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Key reasons for going global in your RRSP

by Wayne Cheveldayoff, 2007-01-11

Canadian Canadian investors have done well from having a high proportion of their portfolios in stocks in the past five years but investment experts believe Canadians would be wise now to go global.

Their main point is that if you limit your RRSP equity investments to Canada, you will be missing out on some great opportunities to boost returns and reduce risk in the years ahead.

Of course, a key consideration in going global is the Canadian dollar, whose 40-per-cent rise since 2002 wiped out a lot of the capital gains Canadians were counting on from their foreign holdings.

However, a report by TD Economics, entitled 10 Reasons Canadians Should Invest Abroad, argues that the exchange rate shouldn’t be a deterrent to international investing since the upside to the Canadian currency is limited to a few cents and, in any event, for those that are worried about it, there are currency neutral mutual funds geared to foreign markets.

As for how much of your portfolio should be in international investments, Fidelity Investments notes that historically in the past 15 years, Canadians would have maximized returns per unit of risk if they had allocated at least 40 per cent of their equity portfolios to international investments. In the period 1970 to 1990, the allocation should have been at least 50 per cent.

This is a far cry from the approximately 14-per-cent allocation that Fidelity says Canadians currently have in international equity mutual funds (in addition to the 16-per-cent allocation to U.S. equity funds).

Among the key reasons for international investing cited from various sources are the following.

1. The Canadian stock market is only 4 per cent of total world stock market capitalization. Put another way, 96 per cent of equity opportunities are outside of Canada and 45 per cent are outside of Canada and the U.S.
2. The Canadian stock market is quite narrow, with more than 60 per cent concentrated in energy and financial stocks.
3. Because of the high proportion of energy and metals stocks, the Canadian market is more cyclical than many international markets. An extended slump in commodities prices would lead to a cruel underperformance for those relying on investing in Canada.
4. The top world companies in autos, household durables, food products, real estate, information technology, defence and pharmaceuticals are headquartered and traded on exchanges in the U.S., Europe and Asia.
5. International companies are in a better position to profit from lower wages abroad, such as in Latin America and Asia.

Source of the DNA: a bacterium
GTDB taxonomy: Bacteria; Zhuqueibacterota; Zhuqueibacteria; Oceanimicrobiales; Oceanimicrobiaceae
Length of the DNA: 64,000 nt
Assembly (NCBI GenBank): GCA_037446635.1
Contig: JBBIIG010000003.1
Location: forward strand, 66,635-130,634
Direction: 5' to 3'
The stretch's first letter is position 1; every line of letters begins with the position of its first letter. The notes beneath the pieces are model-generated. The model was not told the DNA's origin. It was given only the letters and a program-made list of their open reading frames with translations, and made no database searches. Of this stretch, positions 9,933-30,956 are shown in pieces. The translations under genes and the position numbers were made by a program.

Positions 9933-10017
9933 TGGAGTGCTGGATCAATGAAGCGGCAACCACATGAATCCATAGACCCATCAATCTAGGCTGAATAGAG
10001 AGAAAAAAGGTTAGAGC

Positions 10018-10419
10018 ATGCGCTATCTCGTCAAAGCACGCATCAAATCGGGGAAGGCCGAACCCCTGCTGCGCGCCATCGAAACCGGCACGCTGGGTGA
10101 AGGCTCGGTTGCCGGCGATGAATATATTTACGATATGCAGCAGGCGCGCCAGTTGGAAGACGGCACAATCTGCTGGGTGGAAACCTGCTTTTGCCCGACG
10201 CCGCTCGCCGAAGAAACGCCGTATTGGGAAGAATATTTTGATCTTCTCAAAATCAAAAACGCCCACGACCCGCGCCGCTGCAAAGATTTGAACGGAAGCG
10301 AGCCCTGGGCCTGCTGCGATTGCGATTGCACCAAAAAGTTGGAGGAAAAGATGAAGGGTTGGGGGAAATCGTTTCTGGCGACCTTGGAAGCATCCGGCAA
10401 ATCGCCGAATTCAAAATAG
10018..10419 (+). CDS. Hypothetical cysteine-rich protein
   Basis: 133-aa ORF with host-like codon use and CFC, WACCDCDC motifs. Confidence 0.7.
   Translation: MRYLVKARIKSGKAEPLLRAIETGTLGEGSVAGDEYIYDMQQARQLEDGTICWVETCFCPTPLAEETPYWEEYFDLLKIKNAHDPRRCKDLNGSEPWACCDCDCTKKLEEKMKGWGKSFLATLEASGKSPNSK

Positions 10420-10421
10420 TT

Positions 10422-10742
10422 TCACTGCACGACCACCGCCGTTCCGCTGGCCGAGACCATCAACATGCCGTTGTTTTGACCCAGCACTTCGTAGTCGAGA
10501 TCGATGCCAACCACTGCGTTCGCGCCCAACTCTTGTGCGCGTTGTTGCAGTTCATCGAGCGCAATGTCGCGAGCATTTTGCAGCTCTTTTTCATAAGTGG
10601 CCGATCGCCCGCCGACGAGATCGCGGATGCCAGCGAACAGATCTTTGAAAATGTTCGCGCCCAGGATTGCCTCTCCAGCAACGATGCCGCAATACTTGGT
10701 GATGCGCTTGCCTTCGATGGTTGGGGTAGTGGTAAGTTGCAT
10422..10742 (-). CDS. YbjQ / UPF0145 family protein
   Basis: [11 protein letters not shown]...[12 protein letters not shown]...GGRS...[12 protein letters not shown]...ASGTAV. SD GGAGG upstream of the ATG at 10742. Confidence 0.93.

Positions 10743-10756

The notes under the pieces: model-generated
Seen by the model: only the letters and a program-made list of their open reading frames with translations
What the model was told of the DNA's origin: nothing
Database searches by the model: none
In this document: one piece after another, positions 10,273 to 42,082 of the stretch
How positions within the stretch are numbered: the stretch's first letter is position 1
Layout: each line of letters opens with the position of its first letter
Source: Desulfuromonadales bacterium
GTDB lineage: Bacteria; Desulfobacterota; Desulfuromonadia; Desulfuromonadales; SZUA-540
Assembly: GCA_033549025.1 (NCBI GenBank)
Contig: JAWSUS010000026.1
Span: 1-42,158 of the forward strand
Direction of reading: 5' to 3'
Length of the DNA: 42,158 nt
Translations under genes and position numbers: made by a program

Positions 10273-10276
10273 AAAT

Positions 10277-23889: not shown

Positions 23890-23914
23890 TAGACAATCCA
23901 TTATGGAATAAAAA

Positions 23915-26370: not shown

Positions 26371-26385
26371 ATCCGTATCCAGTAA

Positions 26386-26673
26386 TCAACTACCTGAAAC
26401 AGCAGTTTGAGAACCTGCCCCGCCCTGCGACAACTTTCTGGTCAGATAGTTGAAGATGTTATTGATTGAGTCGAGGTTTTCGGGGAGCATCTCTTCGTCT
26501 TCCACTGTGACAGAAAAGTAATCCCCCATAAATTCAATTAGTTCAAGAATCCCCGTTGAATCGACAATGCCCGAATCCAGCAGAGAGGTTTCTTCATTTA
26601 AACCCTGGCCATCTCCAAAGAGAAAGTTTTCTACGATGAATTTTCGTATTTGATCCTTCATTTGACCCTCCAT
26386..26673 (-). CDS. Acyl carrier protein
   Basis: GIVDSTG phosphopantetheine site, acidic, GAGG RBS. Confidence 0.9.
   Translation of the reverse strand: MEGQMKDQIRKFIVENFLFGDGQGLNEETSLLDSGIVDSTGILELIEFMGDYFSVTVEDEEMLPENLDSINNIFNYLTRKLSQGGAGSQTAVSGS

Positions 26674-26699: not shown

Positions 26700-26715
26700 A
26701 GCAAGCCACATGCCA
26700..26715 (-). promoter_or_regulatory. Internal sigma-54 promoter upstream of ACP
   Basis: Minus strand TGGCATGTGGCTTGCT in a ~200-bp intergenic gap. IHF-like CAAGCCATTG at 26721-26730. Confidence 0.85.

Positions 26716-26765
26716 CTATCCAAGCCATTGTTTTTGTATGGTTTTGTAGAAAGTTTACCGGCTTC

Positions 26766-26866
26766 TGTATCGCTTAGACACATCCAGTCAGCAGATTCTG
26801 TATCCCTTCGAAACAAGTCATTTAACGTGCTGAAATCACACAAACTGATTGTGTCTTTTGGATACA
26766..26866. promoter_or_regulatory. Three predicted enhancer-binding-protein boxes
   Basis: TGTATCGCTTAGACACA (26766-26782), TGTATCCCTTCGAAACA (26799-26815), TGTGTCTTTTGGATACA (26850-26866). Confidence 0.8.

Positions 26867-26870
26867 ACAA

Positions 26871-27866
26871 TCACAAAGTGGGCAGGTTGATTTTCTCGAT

6. International stocks are generally cheaper, as measured by such metrics as price-earnings ratios, than Canadians stocks.
7. Profits will tend to accrue more to companies in high-growth countries such as China, which recently forecast a 10-per-cent real growth rate for 2007, compared with an expected 2-to-3 per cent real growth in North America.
8. Canadian and international stocks take turns producing top returns. Canada outperforms half of the time and international stocks the other half. Since Canada has outperformed for the last five years, there is a good chance it will start underperforming soon.
9. International stocks have a historically low correlation with Canadian stocks, meaning that, while there is no guarantee, diversification into international stocks should reduce volatility and risk in the portfolio – making for a smoother overall performance.
10. Foreign stocks often have higher dividend yields, which is a major component of total return over longer periods of time.

Canadians have no shortage of ways to achieve international diversification in equities and no limitations following the federal government’s removal last year of a 30-per-cent limit on foreign investments.

Fidelity, for example, offers among others the Fidelity International Value Fund, which scouts the world for bargains, and regional funds for Europe, Latin America, Emerging Markets, Asia, China and Japan. Other fund companies have similar offerings.

One consideration is whether to sock funds into an international fund or to try to choose specific regions or countries (such as China or India). Unless you are ready to do some time-consuming analysis, it may be best to choose an international fund and let the fund manager decide which part of the world offers the best prospects.

Wayne Cheveldayoff is a former investment advisor and professional financial planner. His columns are archived at and he can be contacted at

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©2007 Wayne Cheveldayoff